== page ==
Moody's Sees a Sharp Contraction in Turkey’s Economy
(Bloomberg) -- Turkey and Argentina may have put their currency crises behind them but a world of pain awaits their economies in the coming quarters, according to Moody’s Investors Service.
Declines in the lira and the peso, two of this year’s worst performers globally, will translate into sharp economic contractions as growth decelerates across advanced and emerging markets, Moody’s said in a report on Thursday.
With monetary tightening in major economies and trade disputes undermining investment around the world, Moody’s is taking an increasingly dim view of the growth prospects of developing nations such as Turkey and Argentina, which “have relatively high exposures to external financing and are therefore the most vulnerable.”
Turkey’s economy will probably contract through the first half of next year as the lira’s slump and rising borrowing costs take their toll, the rating company said. Gross domestic product in Argentina won’t return to positive growth until 2020 as a result of the country’s severe monetary and fiscal consolidation under an International Monetary Fund program, Moody’s said.
Turkey’s inflation is hovering near the fastest pace since President Recep Tayyip Erdogan came to power 15 years ago, and high interest rates are clouding the investment outlook. Despite recouping some losses, the lira is still down 30 percent for the year against the dollar.
“Double-digit inflation, a steep increase in borrowing costs and curtailed bank lending are likely to weigh on household purchasing power, private consumption” and investment, Moody’s said.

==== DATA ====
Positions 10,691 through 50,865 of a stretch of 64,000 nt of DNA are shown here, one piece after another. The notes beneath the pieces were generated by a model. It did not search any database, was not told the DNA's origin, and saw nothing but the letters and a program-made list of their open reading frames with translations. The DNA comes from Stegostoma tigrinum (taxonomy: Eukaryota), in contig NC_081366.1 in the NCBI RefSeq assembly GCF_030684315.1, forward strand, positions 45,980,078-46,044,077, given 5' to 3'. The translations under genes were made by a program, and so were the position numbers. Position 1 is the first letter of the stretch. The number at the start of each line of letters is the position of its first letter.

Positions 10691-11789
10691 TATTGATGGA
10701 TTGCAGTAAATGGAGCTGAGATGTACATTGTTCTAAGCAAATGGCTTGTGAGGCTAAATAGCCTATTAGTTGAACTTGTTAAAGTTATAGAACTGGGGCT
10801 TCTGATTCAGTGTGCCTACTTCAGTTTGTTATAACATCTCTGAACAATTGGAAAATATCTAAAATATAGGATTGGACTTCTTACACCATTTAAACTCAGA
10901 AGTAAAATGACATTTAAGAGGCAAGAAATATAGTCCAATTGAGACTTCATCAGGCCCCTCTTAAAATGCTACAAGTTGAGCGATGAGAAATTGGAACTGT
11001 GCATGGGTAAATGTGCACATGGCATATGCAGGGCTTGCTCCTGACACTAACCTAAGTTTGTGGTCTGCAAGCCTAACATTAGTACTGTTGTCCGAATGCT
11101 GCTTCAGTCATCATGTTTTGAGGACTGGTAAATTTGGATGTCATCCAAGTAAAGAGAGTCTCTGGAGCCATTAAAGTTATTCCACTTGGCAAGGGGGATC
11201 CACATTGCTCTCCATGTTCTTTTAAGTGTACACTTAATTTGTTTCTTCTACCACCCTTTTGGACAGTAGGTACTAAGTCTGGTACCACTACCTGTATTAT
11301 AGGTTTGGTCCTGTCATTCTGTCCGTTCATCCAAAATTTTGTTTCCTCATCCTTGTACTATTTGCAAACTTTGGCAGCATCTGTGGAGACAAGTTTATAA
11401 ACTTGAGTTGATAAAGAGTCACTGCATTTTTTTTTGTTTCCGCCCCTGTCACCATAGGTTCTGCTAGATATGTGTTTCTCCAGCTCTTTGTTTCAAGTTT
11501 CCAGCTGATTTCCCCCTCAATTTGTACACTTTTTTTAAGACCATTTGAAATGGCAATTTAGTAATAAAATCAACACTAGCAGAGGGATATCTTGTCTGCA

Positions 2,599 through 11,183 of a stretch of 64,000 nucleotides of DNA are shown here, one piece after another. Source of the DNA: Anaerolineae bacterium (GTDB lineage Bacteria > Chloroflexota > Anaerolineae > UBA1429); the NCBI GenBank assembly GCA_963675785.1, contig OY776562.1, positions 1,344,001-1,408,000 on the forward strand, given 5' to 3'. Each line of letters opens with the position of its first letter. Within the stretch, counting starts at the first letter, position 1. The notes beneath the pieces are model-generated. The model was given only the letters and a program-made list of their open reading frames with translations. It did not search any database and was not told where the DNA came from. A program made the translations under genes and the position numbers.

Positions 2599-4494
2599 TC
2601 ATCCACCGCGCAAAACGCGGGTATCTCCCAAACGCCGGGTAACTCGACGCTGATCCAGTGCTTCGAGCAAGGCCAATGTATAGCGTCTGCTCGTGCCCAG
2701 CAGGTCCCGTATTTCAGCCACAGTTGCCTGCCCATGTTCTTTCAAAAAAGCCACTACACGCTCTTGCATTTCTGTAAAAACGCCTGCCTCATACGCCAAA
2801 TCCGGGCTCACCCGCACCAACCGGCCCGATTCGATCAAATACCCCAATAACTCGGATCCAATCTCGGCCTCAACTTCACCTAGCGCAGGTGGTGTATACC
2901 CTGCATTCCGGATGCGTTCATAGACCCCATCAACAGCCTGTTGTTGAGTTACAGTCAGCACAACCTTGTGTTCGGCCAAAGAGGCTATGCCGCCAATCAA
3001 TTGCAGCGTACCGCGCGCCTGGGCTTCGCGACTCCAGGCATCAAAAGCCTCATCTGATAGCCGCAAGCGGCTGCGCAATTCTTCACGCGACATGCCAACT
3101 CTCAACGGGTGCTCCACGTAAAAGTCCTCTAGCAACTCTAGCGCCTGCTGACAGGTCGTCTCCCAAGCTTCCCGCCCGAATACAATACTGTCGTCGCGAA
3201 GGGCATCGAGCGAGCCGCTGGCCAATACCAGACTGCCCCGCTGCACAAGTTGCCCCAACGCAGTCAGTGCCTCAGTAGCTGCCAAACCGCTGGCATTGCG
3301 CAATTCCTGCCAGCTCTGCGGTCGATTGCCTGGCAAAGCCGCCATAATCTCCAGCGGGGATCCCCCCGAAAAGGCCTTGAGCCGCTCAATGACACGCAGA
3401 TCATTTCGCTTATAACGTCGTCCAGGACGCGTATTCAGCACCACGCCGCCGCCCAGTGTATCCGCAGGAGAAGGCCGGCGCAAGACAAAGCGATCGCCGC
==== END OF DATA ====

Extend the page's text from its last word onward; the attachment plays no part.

The IMF echoed Moody’s warning, predicting that Turkish economic growth will slip to 0.4 percent in 2019 from 3.5 percent this year. “The weaker lira, higher borrowing costs, and elevated uncertainties weigh on investment and demand,” the fund said in a report published Thursday.
Moody’s sees Turkey’s economy growing 1.5 percent in 2018 and contracting 2 percent the following year. It predicts Argentina’s GDP will shrink 2.5 percent this year and 1.5 percent in 2019.
Turkey also has to contend with elevated inflation despite the worsening outlook for its economy. Moody’s expects Turkish price growth, which accelerated to an annual 25.2 percent in October, to remain in double digits through 2020 because of unanchored inflation expectations, spurred by pressure from the exchange rate and oil.
In Argentina, inflation expectations will continue to rise despite the central bank’s very tight stance, Moody’s said, adding that it will take some time before the benefits of monetary policies fully materialize. It expects inflation to gradually fall to 20 percent by the end of 2020.
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